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Escape to Norway: Iranian Anti-Stoning Lawyer Continues Fight from Exile

By in Oslo

Human rights lawyer Mohammad Mostafaei, who represented Sakineh Mohammadi Ashtiani, a woman sentenced to death by stoning for adultery, was forced to flee Iran after the authorities became determined to silence him. Speaking to SPIEGEL from his exile in Norway, he talked of his plans to continue the fight to save Ashtiani.

It's time to pack his suitcases again, vacate his attic room and move on to the next place. Mohammad Mostafaei, 37, is exhausted, and even a cold shower isn't enough to wake him up. But at least Mostafaei has a suitcase now, after being on the run for almost three weeks. All he carried while crossing the mountains into Turkey on foot was a small backpack, just big enough for his laptop and a change of underwear.

Mostafaei, an Iranian lawyer and human rights activist who has already become an international human rights cause himself, is now sitting with his few belongings in a small hotel in the Norwegian capital Oslo, wondering what happens next.

What will happen to his wife Fereshteh, 32, and his daughter Parmida, 7, who he left behind in Tehran? Shortly after he disappeared, the regime's thugs took his wife and her brothers into custody temporarily. And what will happen to his client Sakineh Mohammadi Ashtiani, 43, whose cause he had championed with such enthusiasm? Ashtiani was sentenced to death by stoning for the crime of adultery, but her sentence was commuted to hanging after international protests.

No Regrets

Mostafaei rubs his bloodshot eyes and holds his teacup tightly in his hands. He doesn't have much to hold onto -- except the certainty that the Iranian judges were determined to silence him. He had become a thorn in their sides, and they had grown weary of his sharp criticism of their political sentences and archaic punishments.

In his diary, excerpts of which were published by SPIEGEL in June, he criticized stoning, the death penalty for adultery in Iran. Soon afterwards, he voiced his support for an international campaign in solidarity with Ashtiani, but it was a step too far for the authorities. Even now, alone in exile, Mostafaei says he doesn't regret his efforts on behalf of his client.

He was only allowed to visit her once at the prison where she was being held, in the northern Iranian city of Tabriz. It is a rundown facility, where Ashtiani shares cell number four with 25 other women. But even the poor conditions at the prison, says Mostafaei, are easier for her to endure than her former marriage. He calls it a "silent martyrdom" and says that his client, who he calls by her first name, Sakineh, was treated "like a slave." According to Mostafaei, she became filled with "hate" and was motivated by "hopelessness." And because of the "backward divorce laws" in Iran, separation was practically inconceivable for someone like Sakineh.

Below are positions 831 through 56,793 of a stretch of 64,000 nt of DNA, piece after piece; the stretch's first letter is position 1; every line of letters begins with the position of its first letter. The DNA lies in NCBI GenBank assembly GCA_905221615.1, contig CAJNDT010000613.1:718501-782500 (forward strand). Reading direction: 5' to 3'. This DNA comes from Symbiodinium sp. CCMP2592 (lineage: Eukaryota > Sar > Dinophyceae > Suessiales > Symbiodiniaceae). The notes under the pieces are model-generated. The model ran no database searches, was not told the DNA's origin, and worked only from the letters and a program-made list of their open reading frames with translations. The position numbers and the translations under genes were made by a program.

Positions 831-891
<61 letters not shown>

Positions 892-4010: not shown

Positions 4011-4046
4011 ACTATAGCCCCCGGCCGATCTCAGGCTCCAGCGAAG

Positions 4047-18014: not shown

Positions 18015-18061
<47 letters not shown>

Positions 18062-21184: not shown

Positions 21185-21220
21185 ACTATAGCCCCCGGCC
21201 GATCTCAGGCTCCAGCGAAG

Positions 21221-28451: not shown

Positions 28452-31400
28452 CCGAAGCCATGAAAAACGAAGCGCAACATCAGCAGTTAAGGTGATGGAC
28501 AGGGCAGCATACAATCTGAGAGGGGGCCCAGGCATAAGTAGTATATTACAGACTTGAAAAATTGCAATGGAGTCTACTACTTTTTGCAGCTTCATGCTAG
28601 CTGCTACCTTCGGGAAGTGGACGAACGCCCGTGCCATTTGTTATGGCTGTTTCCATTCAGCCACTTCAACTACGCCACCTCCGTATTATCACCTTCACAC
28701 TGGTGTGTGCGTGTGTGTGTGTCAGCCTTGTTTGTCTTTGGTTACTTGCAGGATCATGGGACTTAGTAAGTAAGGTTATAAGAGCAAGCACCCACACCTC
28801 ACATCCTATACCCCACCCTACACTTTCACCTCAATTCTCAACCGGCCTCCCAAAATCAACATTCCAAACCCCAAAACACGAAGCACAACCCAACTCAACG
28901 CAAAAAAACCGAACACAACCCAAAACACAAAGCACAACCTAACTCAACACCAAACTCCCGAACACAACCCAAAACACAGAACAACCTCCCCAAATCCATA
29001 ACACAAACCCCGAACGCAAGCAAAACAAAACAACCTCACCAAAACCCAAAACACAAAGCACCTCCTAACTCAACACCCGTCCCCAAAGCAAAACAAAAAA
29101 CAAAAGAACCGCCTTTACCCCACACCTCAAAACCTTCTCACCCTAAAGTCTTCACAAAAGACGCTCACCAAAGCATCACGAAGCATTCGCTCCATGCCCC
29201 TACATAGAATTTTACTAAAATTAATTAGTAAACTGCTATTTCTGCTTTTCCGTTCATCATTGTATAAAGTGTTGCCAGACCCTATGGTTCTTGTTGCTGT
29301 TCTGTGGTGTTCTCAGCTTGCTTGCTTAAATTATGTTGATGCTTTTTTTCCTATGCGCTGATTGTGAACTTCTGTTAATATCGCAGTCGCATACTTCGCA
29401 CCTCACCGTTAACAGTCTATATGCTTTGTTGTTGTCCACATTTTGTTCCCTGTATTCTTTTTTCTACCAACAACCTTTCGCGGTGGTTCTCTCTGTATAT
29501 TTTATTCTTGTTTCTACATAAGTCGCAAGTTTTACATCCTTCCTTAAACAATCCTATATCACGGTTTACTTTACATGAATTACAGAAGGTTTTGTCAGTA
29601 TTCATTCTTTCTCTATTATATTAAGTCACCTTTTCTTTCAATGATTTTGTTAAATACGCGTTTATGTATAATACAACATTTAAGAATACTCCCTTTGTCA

In fact, Iranian divorce law is legalized discrimination. While men can readily petition for divorce in Iranian courts, women are required to provide convincing grounds. A woman has to prove that her husband is missing, refuses to support her or is "harassing" her -- through acts of violence, for example. "In Iran, there are many women like Sakineh, who are at the mercy of their husbands," says Mostafaei.

Throwing the First Stone

He client chose a disastrous way out of her suffering: She secretly sought comfort with someone else, a man named Nasser. Eventually, the husband must have noticed that she was having an affair, and he notified the government's moral police. His efforts were successful. Sakineh was arrested during a rendezvous with Nasser and another man. The encounter provided the authorities with sufficient evidence to try Sakineh for the crime of "rabete namashroo," or prohibited intercourse. Sakineh was given 99 lashes for her so-called crime. The unmarried men were not treated as harshly. Nasser received 40 lashes and the second man 20.

When her husband suddenly died, it seemed that Sakineh's life could take a turn for the better. But the police were suspicious. Her children -- her son Sajjad, 22, and her daughter Farideh, 17 -- suspected Nasser of having murdered their father. They urged the authorities to investigate their father's death, but they had no idea that in doing so they were essentially throwing the first stone at their mother.

Not only did the investigators conclude that Nasser had indeed killed their father, they also decided, according to Mostafaei, that Sakineh had aided and abetted her lover. She had supposedly given her husband a sedative so that Nasser could then inject him with poison, says the attorney. According to another version, Nasser, with Sakineh's support, planned to kill the husband by electrocuting him.

To protect their mother, Sajjad and Farideh forgave her for acting as an accessory to the murder. In doing so, they were utilizing a unique feature of Islamic law, which holds that the punishment for a crime must be reduced if the victim or the victim's family forgives the perpetrator.

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